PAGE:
Friday, August 6, 2021


James Gunn’s The Suicide Squad is better than David Ayer’s 2016 adaptation of DC’s Dirty Dozen riff to which the new movie is a combo sequel, retread, and reboot. But what a low bar to set. Ayer’s version was severely compromised by studio meddling, as he’s more than willing to tell anyone who’ll listen. But even so, though his movie looked and moved like it barely got out of the editing room — choppy, ungainly, atonal, nonsensical — and had an off-putting ooze of nastiness in characterization and tone, it matched his filmmaking personality. Ayer, of End of Watch and Fury, is darkly preoccupied with antihero ugliness, cops and gangs, men of violence, inscrutable poisoned macho codes, and leering pleasure in bloodletting. One felt that, among the film’s many issues, his go-around in the comic book movie world was an oozing R barely, uncomfortably, trimmed back to a chaotic blockbuster PG-13. Somehow Gunn got to go all the way in this new version, clearly positioned as a corrective, a make-good acknowledgement the studio shouldn’t have held back last time. It just took a string of pleasantly eccentric and uneven DC movies — Aquaman, Shazam, Snyder’s Justice League — to get Warner Brothers to let creatives swing away, cinematic universe be damned. Why out do Marvel with connectivity when they could differentiate by going wilder and woolier?

So Gunn, hopping over from the rival house style after a stint with the Guardians of the Galaxy, is happy to meld the joshing Marvel sentimentality with his brand of affection for assembling a band of misfit toys and a bracing exploitation cynicism from his Troma days where gooey body horror and geysers of blood and guts are meant to give the audience a sick kick. The idea of assembling a team of C-list supervillains for a suicide mission remains an irresistible one, and this film is eager to turn it into a playground for character actors and effects artists. And the abandon of the storytelling makes any character fair game to receive a headshot as a punchline. It carries over leaders Amanda Waller (Viola Davis) and Rick Flag (Joel Kinnaman), as well as wild card Harley Quinn (Margot Robbie), and surrounds them with a new cast of expendables. Idris Elba makes the best impression as a reluctant leader, while the likes of John Cena, David Dastmalchian, and Daniela Melchior play a motley crew of combination comic relief and oddball energy. Each with their own powers — marksmanship, deadly polka dots, rats, and did I mention the talking shark (Sylvester Stallone)? — they’re dropped onto a fictional South American island where they trudge through the jungle and slip into a dictator’s compound with the mission of getting rid of a shady science experiment. The movie at least has the sense to set that simple objective and head straight there, while finding a few moderately engaging twists along the way. It’s enjoyable, if all a bit too much.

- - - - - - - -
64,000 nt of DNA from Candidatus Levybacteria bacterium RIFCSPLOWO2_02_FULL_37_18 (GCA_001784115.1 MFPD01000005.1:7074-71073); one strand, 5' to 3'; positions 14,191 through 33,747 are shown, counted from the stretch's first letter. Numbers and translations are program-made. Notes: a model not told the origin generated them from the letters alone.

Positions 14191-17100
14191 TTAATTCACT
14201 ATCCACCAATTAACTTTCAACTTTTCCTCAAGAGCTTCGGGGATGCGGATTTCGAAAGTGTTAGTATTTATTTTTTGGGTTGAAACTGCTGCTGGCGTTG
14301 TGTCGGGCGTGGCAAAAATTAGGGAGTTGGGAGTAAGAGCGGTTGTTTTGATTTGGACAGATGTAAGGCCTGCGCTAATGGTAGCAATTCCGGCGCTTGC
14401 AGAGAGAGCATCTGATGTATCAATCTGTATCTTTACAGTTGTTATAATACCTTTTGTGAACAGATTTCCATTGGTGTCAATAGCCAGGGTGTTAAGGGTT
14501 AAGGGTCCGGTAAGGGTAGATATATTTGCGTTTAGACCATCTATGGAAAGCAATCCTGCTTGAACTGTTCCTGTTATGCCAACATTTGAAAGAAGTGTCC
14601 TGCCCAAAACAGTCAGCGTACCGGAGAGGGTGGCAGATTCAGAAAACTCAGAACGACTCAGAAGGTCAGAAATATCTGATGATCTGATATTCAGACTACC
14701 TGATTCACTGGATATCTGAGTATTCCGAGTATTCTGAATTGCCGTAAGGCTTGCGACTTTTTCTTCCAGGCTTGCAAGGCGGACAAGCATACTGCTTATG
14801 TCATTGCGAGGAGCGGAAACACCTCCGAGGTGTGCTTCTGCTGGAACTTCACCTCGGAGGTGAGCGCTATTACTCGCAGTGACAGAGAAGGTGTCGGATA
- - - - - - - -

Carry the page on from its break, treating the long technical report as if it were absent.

The project matches Gunn’s filmmaking personality, a quipping, vulgar, tightly scripted and shaggily developed mean-streak with a mix-tape heart of gold. He can’t help himself. His films play like the work of the most talented dirty-minded dork from your junior high all grown up. Here it comes out as prankish and coarse and high on its own self-amused supply. There’s some token nods towards serious ideas, like a recognition of compromised US foreign policy and a fig leaf of social commentary about prisons and militarism. (An all-American anti-hero named Peacekeeper says he loves peace so much he’s willing to kill every man, woman, and child who gets in its way. Ha.) But the movie is far more interested in sending its colorful characters into outrageously gory action and concussive, episodic spectacles. (Each new sequence is even separated with a new splashy title, like the next issue of a comic.) In practice, each little bit is a fine spin of studio filmmaking, loud and entertaining, bright and legible, smirking and savage, clever for clever’s sake. But as a total experience is gets awfully tedious and repetitive. I felt hollowed out by the end. Part of that draining sense comes from the slippery sliding scale between deaths played for laughs and deaths played for poignancy which feels all out of whack, from a massacre of freedom fighters shrugged off to one of our more sympathetic bad guys given a backstory of a hated mother that turns into a mean sight gag. It’d be more entertaining if it was less exhausting. And yet I found myself thinking despite myself that maybe the third time would be the charm?

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